Is anybody shooting video with their dslr?

autofocusautofocus Posts: 625Member
edited December 2013 in Nikon DSLR cameras
I've been playing with video on my D800 and D4. Shot a short motivational video for my stepson and found I really like this new challenge. I'm experimenting with settings and lenses. I've learned audio is a challenge as well. I recently picked up a Cinevate shoulder rig and hope to use it next week. Just when I thought I was reaching saturation in camera gear along comes video. Now I have a whole new list of things I want for Christmas. So, is anyone else doing anything with video? If so, lets chat. Maybe we can share some links here on the forum to showcase what we've done and help each other out to make things better. Here's a list of the video/audio gear I'm working with. D800, D4, Sony UHF Wireless Lav mic. Tascam DR-40, Rode NTG-2 shotgun mic, Cinevate shoulder rig with Fotga follow focus and, I finally found a use for my Light works vary-ND filter. Works great for outdoor video. I would really like a monitor now but have no idea what to look for. So, lets get it going. And so admin knows, I did a search for similar topics before posting this.
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Comments

  • paulrpaulr Posts: 1,175Member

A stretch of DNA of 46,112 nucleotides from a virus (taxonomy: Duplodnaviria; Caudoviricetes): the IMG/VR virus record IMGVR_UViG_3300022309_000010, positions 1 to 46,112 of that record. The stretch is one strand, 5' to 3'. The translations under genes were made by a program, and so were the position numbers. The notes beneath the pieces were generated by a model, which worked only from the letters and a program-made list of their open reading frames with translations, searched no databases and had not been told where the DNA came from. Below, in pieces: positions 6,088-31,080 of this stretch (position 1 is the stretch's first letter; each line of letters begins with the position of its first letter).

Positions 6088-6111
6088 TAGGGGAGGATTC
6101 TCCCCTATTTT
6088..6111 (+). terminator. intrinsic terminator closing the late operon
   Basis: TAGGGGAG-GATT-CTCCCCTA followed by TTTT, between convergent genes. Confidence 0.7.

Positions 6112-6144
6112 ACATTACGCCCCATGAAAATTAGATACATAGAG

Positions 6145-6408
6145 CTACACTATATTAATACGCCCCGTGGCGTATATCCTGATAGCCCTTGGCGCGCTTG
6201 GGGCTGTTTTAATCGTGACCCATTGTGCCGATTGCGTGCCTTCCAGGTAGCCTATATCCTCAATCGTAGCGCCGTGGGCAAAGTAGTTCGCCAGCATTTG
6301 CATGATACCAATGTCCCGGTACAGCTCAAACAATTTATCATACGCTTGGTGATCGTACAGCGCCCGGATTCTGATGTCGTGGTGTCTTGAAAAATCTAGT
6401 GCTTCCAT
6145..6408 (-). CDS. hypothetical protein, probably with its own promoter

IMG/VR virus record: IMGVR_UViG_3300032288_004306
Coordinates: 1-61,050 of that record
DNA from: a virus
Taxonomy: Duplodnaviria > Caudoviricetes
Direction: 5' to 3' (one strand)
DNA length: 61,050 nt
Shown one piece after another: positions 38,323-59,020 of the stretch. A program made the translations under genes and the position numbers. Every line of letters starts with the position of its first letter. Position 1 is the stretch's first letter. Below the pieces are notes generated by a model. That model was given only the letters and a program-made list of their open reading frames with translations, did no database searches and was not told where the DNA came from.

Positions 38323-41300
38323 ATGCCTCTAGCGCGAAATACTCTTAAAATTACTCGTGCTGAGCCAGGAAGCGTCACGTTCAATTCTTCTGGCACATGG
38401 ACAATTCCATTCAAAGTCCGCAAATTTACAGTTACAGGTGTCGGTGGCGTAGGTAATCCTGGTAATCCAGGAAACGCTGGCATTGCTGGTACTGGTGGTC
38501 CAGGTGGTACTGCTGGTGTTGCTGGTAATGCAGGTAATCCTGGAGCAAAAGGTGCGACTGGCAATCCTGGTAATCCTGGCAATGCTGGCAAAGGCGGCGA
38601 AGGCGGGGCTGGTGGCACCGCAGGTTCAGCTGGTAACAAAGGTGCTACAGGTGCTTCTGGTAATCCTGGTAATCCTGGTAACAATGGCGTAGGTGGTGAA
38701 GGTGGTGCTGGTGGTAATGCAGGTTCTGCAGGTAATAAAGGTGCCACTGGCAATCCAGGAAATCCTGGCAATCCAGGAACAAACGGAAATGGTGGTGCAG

Hi Autofocus, I know where you are coming from I am now using the D4 and sound is not one of its best things
    I bought the Tascan DR60 D which gives perfect sound recording However its a recorder only. You need a power mic Phantom power is best Plus good earphones, sadly like everything, once you start the ball rolling, you need very deep pockets, especially with Video, large memory cards fast computer and a good software, Plus all the numerous add ons Good luck.
    Camera, Lens and Tripod and a few other Bits
  • MsmotoMsmoto Posts: 5,396Moderator
  • autofocusautofocus Posts: 625Member
    @Msmoto, thanks for the link. I'll post some video there soon.
    @paulr, I saw your post about the DR-60 and did look at that before buying the DR-40. At this point the DR-40 better suits my needs. I'm trying to put my video rig together now and reading everything I can find on audio. Results thus far have been good but I know it will get better.